Could not reserve enough space for object heap
Could not create the Java virtual machine
What? Not enough RAM to run Java?
Having a VPS (virtual private server) means that you are sharing RAM with other VPS owners on the server. The actual hardware of the server may have 4GB RAM for example, however your VPS is only allocated a small portion of that RAM. The problem with running Java on a VPS lies within the VPS software and how it reports the available RAM to the software running inside of it. When you start Java on a VPS such as OpenVZ or Virtuozzo, Java sees the full available hardware RAM, not the small portion allocated to your VPS. It attempts to lock more RAM than it can and runs out of memory.
One solution to the problem is to ask your hosting company to increase the privvmpages amount in your VPS, however this request will most likely be rejected. Most hosting companies are not in business to give RAM away for free and they will suggest that you upgrade your VPS account.
How much RAM do you need to use Java? Well this of course depends on what your are running in Java. On a VPS, you are most likely running application servers such as Tomcat or JBoss. For Tomcat, you should allocate at least 128mb of RAM to the Java process. If you have a 256mb VPS, it just might work, however a 512mb VPS would be better. For JBoss, most people recommend at least 512mb of RAM. This of course leads you to need a 1gb RAM VPS.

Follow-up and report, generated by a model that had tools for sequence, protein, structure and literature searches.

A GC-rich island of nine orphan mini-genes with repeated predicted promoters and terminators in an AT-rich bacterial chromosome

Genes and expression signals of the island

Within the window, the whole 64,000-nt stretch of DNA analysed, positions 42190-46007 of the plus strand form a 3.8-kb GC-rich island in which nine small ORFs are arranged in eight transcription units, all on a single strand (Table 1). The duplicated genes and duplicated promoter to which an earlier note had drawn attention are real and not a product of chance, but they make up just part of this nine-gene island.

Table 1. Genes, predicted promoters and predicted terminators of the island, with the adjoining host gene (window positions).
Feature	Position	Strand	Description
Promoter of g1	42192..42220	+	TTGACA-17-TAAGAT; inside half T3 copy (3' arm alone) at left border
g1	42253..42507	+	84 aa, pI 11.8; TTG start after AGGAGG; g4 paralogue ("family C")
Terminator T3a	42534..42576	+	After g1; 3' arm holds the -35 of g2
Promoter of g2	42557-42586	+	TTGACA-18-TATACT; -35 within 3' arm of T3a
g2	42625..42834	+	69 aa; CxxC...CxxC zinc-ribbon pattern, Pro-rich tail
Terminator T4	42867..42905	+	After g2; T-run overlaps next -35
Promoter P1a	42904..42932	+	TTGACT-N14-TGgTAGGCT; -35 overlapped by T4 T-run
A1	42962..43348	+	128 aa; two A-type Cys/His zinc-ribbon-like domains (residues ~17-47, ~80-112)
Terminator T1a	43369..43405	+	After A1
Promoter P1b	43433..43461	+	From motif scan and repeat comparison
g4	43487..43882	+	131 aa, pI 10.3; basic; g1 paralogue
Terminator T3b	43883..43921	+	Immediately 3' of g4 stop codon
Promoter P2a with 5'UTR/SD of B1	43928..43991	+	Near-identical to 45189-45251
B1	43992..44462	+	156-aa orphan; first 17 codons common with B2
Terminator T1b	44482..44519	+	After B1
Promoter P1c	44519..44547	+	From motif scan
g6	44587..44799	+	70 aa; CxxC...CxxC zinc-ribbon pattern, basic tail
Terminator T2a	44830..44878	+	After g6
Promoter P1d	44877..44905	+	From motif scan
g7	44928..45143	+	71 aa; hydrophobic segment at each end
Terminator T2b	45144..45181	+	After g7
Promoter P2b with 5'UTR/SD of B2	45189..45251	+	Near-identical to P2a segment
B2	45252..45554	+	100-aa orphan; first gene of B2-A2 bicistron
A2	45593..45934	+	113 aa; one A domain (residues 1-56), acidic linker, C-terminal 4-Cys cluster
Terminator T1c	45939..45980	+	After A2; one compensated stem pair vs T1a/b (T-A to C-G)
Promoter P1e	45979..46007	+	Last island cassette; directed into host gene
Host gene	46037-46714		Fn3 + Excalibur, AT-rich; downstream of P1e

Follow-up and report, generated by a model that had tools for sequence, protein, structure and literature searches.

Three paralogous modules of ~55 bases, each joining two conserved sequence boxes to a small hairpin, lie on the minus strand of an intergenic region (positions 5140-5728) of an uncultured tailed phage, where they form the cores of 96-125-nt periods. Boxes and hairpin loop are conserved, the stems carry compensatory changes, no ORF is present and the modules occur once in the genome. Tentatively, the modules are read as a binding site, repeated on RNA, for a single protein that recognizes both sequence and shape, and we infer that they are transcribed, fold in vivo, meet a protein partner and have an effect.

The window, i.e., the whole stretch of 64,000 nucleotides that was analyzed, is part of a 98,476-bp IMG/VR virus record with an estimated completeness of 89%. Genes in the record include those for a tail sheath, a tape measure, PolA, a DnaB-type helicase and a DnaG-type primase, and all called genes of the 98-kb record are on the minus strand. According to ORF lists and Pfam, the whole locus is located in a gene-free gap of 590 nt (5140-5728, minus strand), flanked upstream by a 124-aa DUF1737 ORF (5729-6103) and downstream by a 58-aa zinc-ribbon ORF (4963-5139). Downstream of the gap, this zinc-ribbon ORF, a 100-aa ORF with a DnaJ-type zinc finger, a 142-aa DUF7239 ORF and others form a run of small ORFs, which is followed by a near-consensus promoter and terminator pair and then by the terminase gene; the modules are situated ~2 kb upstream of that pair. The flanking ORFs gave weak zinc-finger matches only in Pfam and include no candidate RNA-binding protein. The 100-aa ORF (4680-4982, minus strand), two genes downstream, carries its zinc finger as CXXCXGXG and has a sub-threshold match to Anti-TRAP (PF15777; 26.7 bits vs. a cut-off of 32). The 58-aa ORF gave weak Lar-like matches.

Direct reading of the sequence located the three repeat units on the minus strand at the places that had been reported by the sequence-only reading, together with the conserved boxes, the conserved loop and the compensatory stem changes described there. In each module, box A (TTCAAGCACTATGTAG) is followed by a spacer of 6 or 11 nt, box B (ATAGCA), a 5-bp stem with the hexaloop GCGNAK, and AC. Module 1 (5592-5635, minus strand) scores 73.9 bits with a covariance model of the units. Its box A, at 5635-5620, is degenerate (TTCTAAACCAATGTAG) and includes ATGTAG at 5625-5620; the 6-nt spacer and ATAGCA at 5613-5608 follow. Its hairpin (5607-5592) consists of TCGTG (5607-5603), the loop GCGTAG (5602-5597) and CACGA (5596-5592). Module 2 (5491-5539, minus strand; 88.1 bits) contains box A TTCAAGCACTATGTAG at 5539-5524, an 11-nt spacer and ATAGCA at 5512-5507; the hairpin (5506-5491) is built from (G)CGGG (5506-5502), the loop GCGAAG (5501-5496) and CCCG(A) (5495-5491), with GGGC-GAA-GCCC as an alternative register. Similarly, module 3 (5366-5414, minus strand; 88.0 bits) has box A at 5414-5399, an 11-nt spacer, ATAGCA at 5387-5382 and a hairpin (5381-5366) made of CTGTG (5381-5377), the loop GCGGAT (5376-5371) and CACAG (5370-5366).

If you are not sure how much RAM is currently in use, try this little script (that works on Virtuozzo and maybe others?) This will help you find out if your hosting company gave you what you are paying for.
cat /proc/user_beancounters echo "physpages = RAM in use (amount * 4096 = mb)" echo "vmguarpages = RAM guarantee (allocated to VPS)" echo "privvmpages = burst RAM"
Now back to the original problem, how to constrain Java to see the VPS RAM and not the entire server’s hardware. This is done using an export in the /etc/profile file.
vi /etc/profile as root
#force java to limit self in this VPS export _JAVA_OPTIONS="-Xms20m -Xmx64m"
This export will give a default of 64mb to each Java process. You can override this default by using command line parameters to Java and also in your Tomcat or JBoss startup scripts.
There is another advantage to using the _JAVA_OPTIONS environment variable. Some files such as keytool and jar do not take memory settings at the command line. If you run keytool at the command line, it will most likely give you the Could not reserve enough space for object heap error. This can be automatically avoided by using the environment variable _JAVA_OPTIONS.